So . . . this week’s post will be a personal one. As much as I love telling other people’s stories, it has been difficult to go out and find them when they’re not spontaneously shared with me. So my challenge for next week is going to be to connect with either a stranger or someone I haven’t spoken to in a long time. Stay tuned.
But, this week, I want to talk about something that has been on my mind recently: communication. More specifically, communication with our loved ones. I don’t know about you, but the way I talk to my boyfriend is completely different than how I talk to my friends. Which reminds me . . . of something my mom used to say that used to drive me crazy. Anytime I’d yell or let my anger get the better of me during a discussion, she’d always reply, “Save it for your friends!” And that one comment frustrated me beyond belief. Because my immediate thought was: “Why on earth would I speak to my friends like this?” Now that I think about it, that was probably her point. Why do we lash out at the people closest to us? Our family members? Our boyfriends and girlfriends? Why is it that the biggest fights result from seemingly benign discussions about household chores?
Here’s how it usually goes with my boyfriend. He’ll comment on a chore that didn’t get done (or vice versa). And if I’ve had a long day (and sweeping the terrace completely slipped my mind) I get defensive. Then before I know it my mind floods with questions like: What does he really do around the apartment anyway? Wasn’t I the one picking up after him yesterday? Where does he get off calling me out? Which I then tend to say to him out loud. And of course he reacts . . . and I react to him reacting, and then the fight begins, causing us to devolve into petty insults.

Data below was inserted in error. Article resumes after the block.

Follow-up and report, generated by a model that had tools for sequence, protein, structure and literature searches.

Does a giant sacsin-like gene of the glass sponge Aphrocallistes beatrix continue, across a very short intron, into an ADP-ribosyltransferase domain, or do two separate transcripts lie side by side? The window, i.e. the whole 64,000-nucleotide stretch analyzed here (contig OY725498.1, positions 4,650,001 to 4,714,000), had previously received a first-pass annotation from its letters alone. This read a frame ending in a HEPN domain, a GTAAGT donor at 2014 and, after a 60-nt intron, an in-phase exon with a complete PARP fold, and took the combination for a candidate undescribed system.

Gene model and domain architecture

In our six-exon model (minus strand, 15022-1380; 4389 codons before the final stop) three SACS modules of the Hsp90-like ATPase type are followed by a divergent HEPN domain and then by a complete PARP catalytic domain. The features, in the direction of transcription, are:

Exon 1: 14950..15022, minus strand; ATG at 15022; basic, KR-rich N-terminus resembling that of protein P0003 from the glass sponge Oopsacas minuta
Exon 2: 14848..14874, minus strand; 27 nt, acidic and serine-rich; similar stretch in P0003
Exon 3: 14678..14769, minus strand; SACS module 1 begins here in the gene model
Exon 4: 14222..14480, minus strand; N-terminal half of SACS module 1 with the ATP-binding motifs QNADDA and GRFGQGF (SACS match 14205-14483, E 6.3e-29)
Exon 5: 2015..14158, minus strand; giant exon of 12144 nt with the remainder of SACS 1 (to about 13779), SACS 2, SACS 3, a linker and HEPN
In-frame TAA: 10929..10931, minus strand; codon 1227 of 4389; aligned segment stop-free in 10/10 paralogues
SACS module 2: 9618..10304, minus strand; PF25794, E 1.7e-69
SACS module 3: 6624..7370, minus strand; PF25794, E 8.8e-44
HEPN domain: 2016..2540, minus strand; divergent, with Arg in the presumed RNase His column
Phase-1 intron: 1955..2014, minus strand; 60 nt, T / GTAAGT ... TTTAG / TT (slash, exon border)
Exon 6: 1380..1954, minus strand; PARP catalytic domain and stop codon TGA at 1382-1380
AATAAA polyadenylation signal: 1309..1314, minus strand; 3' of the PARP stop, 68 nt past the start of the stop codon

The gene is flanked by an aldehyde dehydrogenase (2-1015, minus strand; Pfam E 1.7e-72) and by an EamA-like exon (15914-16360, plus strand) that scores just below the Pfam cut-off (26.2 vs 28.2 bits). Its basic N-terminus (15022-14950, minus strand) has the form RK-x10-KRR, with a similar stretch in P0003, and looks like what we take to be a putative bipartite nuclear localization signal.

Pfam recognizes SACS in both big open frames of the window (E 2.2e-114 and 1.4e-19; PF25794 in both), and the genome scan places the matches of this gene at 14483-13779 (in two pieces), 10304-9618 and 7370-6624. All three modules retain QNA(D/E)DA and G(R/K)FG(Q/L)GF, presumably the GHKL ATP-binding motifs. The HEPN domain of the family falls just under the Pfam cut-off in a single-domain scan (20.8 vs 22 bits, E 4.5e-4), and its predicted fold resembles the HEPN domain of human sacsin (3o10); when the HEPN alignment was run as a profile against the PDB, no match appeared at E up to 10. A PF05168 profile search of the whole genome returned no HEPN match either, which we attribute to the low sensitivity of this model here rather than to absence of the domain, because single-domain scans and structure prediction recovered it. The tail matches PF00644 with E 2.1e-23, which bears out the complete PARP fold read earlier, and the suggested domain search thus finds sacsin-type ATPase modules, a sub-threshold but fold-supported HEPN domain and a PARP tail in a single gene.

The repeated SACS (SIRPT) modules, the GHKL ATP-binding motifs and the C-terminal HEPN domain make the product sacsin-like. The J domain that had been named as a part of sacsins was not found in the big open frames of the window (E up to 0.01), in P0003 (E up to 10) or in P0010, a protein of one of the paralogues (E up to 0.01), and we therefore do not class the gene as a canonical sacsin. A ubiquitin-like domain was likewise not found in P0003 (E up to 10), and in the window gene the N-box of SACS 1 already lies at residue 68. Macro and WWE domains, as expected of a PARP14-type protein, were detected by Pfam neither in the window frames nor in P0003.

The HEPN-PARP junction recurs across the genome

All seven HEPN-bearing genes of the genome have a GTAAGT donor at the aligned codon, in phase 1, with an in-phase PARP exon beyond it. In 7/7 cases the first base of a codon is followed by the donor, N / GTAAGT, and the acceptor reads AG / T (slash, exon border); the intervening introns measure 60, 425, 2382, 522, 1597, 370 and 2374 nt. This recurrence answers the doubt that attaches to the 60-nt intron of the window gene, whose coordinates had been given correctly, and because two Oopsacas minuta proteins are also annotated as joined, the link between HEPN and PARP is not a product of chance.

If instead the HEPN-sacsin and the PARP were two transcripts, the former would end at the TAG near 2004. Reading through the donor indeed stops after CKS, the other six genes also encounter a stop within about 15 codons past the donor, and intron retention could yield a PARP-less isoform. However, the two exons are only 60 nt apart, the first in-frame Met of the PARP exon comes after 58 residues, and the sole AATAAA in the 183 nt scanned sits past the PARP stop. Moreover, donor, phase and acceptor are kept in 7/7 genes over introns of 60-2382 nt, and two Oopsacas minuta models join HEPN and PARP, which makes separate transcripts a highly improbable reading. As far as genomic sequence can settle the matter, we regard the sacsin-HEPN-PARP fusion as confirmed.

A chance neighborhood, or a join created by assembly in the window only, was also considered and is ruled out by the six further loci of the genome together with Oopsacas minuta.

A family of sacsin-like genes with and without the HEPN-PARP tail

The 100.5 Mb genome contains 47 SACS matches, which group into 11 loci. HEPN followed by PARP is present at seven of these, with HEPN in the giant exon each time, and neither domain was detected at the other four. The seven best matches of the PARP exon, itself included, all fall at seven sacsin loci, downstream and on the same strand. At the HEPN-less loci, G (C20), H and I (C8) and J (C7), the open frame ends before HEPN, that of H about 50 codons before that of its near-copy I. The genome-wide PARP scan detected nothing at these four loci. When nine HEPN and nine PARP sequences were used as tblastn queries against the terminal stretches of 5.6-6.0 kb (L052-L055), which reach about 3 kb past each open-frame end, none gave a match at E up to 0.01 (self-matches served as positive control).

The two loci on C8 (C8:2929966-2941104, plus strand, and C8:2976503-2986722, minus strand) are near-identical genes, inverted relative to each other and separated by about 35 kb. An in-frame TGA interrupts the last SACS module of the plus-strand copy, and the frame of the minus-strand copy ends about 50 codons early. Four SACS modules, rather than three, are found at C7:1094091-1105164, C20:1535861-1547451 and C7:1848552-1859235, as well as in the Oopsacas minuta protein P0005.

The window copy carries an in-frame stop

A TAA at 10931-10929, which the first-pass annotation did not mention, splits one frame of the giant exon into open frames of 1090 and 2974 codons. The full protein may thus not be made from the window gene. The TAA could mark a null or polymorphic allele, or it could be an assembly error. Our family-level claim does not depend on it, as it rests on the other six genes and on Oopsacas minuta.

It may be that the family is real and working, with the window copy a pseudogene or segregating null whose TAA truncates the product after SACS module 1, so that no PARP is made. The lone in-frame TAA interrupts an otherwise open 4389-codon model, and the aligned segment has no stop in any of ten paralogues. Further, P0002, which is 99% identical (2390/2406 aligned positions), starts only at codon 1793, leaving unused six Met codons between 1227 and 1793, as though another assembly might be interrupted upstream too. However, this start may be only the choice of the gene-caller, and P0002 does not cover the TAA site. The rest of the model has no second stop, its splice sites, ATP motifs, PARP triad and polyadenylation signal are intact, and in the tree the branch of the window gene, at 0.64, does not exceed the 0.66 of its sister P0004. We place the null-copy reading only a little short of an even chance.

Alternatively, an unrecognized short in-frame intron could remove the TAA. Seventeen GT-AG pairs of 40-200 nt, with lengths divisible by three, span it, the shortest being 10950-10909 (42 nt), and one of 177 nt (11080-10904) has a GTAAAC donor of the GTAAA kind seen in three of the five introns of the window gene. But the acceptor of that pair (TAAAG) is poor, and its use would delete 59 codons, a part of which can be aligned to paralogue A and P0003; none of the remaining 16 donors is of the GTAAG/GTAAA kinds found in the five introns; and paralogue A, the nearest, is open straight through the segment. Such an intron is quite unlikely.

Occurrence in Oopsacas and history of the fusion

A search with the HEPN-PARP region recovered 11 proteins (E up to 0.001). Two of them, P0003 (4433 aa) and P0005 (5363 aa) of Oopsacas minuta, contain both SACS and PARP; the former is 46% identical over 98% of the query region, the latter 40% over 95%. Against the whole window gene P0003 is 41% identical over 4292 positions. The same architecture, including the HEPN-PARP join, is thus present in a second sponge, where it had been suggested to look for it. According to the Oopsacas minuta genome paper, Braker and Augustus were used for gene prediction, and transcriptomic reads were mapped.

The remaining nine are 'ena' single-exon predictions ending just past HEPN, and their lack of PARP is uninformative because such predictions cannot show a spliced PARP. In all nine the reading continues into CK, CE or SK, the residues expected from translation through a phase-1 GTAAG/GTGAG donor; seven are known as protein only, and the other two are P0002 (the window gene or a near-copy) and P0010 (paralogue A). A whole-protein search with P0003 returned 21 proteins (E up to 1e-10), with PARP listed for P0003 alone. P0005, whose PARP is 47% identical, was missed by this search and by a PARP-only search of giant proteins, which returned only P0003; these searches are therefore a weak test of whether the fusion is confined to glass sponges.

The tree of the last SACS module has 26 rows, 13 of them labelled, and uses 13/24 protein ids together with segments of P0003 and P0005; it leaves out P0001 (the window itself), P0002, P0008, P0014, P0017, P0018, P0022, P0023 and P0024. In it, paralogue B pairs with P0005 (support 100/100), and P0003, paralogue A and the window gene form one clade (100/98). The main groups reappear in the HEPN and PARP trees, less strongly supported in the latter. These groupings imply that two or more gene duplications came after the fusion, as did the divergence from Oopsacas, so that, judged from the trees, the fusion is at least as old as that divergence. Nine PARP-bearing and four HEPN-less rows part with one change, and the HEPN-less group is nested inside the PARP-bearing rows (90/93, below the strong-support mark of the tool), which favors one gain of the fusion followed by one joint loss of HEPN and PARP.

I’ve discussed it with my friends, and we’ve come up with a reason for why we’re especially hard on the people closest to us. It’s because we know that we’re free to act on our emotions without serious repercussions. Because they’ll love us no matter what. But I think it’s also because we have different expectations of our loved ones. Unlike our boss or an acquaintance, we expect our family members, our boyfriends and girlfriends, not to trigger us. We expect them to know us intimately, inside out. We expect them to be responsible for our emotions.
I’ve read so many blog posts and books about good communication at work, with friends, and at networking events. But I’m realizing that good communication skills don’t only serve me in those specific situations — they serve me at home too. That it’s in my best interest to communicate in a way that promotes harmony, in a way that seeks the win-win. And I am learning that, even if an emotion arises in me, I have a choice whether to act on it or let it pass through. Sometimes it helps me to acknowledge the reasons why the emotion arose in the first place. So here’s the little trick I’ve been using recently. During those tense household chore discussions, I think to myself, Yes, yes. Your self-esteem has taken a hit because you didn’t do everything you set out to do. I know it hurts, but it’s OK. You’ll do what you can to improve the situation now, and you’ll adjust your routine for tomorrow. But don’t speak out of anger or you’ll steer the conversation off track. And then instead of reacting I remain silent. I take a moment to formulate a measured response.
And you know what the great thing is? When I treat myself with compassion, my partner naturally does too. When I don’t react out of my own emotion, when I don’t react to his, we’re able to return to harmony much more quickly. I try to remember that in my boyfriend and I’s shared space we have goals — just like in any workplace. And when I hold myself to a higher standard of communication, my environment reflects it. At the end of the day, we’re partners and we work together towards peace.
Do you have any tips for better communication at home? Are you also guilty of being swept away by an emotion? Let me know in the comments down below!